she was happy, because she was here in Zion with her husband and children. I was young, but I never tired of listening to the words that came to my ears from her lips, if at all it concerned her past life. And as I now sit and think, I seem to still remember her story, and I think I can almost see the city of Nottingham where there was a faithful branch of the church. I see an industrious hard working people. A people desirous of serving the Lord, a people who loved home and family, and who were willing, if needs be, to make a sacrifice that the Lord’s will might be done.
        The gathering of Israel was in progress. The prophets of old had long since foretold of this great day. Now that day had come. Moses had appeared to the boy prophet, Joseph Smith, and Oliver Cowdery and delivered to them the keys and authority of the Gathering of Israel . Quite a number of converts to the new faith had already gone to Zion. Among the numbers were William Winterton and his two sons John and William. My mother’s sisters, Jane, Mary Ann and Elizabeth, also Joseph Squires and others. We need not be surprised that these young people grew to be more anxious day by day. Ellen (Nellie) Widdison, Ann Winterton and Polly Squires all had brothers or sisters who were already in Utah, Familiarly spoken of as Zion. They also looked forward to the day when they could go and they wanted to go together. They were very close friends, and could be found together, if possible, either at work, at church, or at play.
        Mother and Aunt Ann worked together in the Nottingham lace factory. That is where they earned money to pay for their transportation to Utah. I never hear of those girls ever going out with a boy in England. It seems they were not interested in boys unless they were Latter Day Saints. My mother said she did not want to marry in England and be denied her greatest desire, a home in the land of Zion. Such words were an inspiration to me. I think Aunt Ann talked of my father. I think she thought Nellie was the one for him and don’t you think that Mother prayed for divine guidance? I think so. I have always been so glad that my father and mother were brought together. I am so thankful for my parents. I have always believed that they were two choice spirits brought together and united through the inspiration of the Spirit of the Lord. Nothing to me seems more important than to ask the Lord to direct us in all our acts and affairs of life.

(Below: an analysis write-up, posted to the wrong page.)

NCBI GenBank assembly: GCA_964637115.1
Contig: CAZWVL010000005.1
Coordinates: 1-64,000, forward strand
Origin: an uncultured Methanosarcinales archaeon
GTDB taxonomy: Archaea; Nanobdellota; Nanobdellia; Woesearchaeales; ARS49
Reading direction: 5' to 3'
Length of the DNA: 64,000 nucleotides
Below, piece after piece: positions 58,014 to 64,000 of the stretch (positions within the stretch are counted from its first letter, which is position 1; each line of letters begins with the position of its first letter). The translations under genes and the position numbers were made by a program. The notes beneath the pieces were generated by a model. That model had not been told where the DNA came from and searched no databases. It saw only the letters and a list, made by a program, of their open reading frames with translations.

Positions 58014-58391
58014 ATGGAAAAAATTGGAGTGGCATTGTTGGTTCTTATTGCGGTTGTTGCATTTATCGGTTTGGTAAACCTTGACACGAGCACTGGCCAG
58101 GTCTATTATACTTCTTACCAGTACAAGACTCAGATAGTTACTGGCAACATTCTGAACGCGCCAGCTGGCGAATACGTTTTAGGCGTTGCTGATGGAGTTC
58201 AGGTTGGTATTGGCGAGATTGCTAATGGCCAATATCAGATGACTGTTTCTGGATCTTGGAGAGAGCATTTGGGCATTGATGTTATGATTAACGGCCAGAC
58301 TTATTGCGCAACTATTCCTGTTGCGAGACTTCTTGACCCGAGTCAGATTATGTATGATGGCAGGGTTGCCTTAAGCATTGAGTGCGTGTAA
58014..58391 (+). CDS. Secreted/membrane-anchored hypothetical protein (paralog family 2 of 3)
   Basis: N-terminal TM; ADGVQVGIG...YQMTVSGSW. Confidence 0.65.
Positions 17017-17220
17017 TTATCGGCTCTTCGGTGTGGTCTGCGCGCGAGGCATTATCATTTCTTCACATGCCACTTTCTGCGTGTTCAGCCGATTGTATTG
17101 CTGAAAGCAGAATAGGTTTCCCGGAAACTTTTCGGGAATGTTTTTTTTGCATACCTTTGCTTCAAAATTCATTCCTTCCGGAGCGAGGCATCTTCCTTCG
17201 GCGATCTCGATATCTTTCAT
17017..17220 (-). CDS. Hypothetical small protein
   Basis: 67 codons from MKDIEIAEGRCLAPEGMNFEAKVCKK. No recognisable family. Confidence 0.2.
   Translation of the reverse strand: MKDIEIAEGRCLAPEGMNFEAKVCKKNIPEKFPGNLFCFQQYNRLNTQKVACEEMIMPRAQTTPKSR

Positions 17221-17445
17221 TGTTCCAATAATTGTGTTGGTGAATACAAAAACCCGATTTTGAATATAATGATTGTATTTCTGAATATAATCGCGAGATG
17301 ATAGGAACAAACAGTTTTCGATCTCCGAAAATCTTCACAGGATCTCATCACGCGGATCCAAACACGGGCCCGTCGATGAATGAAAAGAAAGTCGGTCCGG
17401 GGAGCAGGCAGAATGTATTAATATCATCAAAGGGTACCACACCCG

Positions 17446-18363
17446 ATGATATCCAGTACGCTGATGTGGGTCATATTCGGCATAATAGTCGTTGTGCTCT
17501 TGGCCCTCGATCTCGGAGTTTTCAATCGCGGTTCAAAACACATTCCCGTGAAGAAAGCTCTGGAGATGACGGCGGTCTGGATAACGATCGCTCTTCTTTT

My mind still takes me back to Nottingham. I think of those girls as members of the Nottingham Choir. They were beautiful singers. When it was announced the girls were leaving, there would be sadness. They would be missed and the girls were sad at the thoughts of leaving dear friends. Before leaving, a picture of the members of the Choir was taken. That picture was one of Mother’s choicest relics and it hung on the wall in our home until long after Mother had passed away. That same picture I now have in my possession. None other could treasure it more than I. Another incident my mother sometimes related, I remember as follows: She said that she and her girl friends heard that Spiritualist meetings were being held in their neighborhood, and that a certain man could and did make tables dance around the floor. Mother said she and the other girls did not believe such things were manifestations of the Spirit of the Lord, but decided to go to one of the meetings. After certain preliminaries the man commanded the table to dance. Nothing moved. He again commanded but everything remained quiet. Finally the man turned to the audience and said, "There are opposing spirits in this house and I can do nothing while they are here. I wish they would leave." She and

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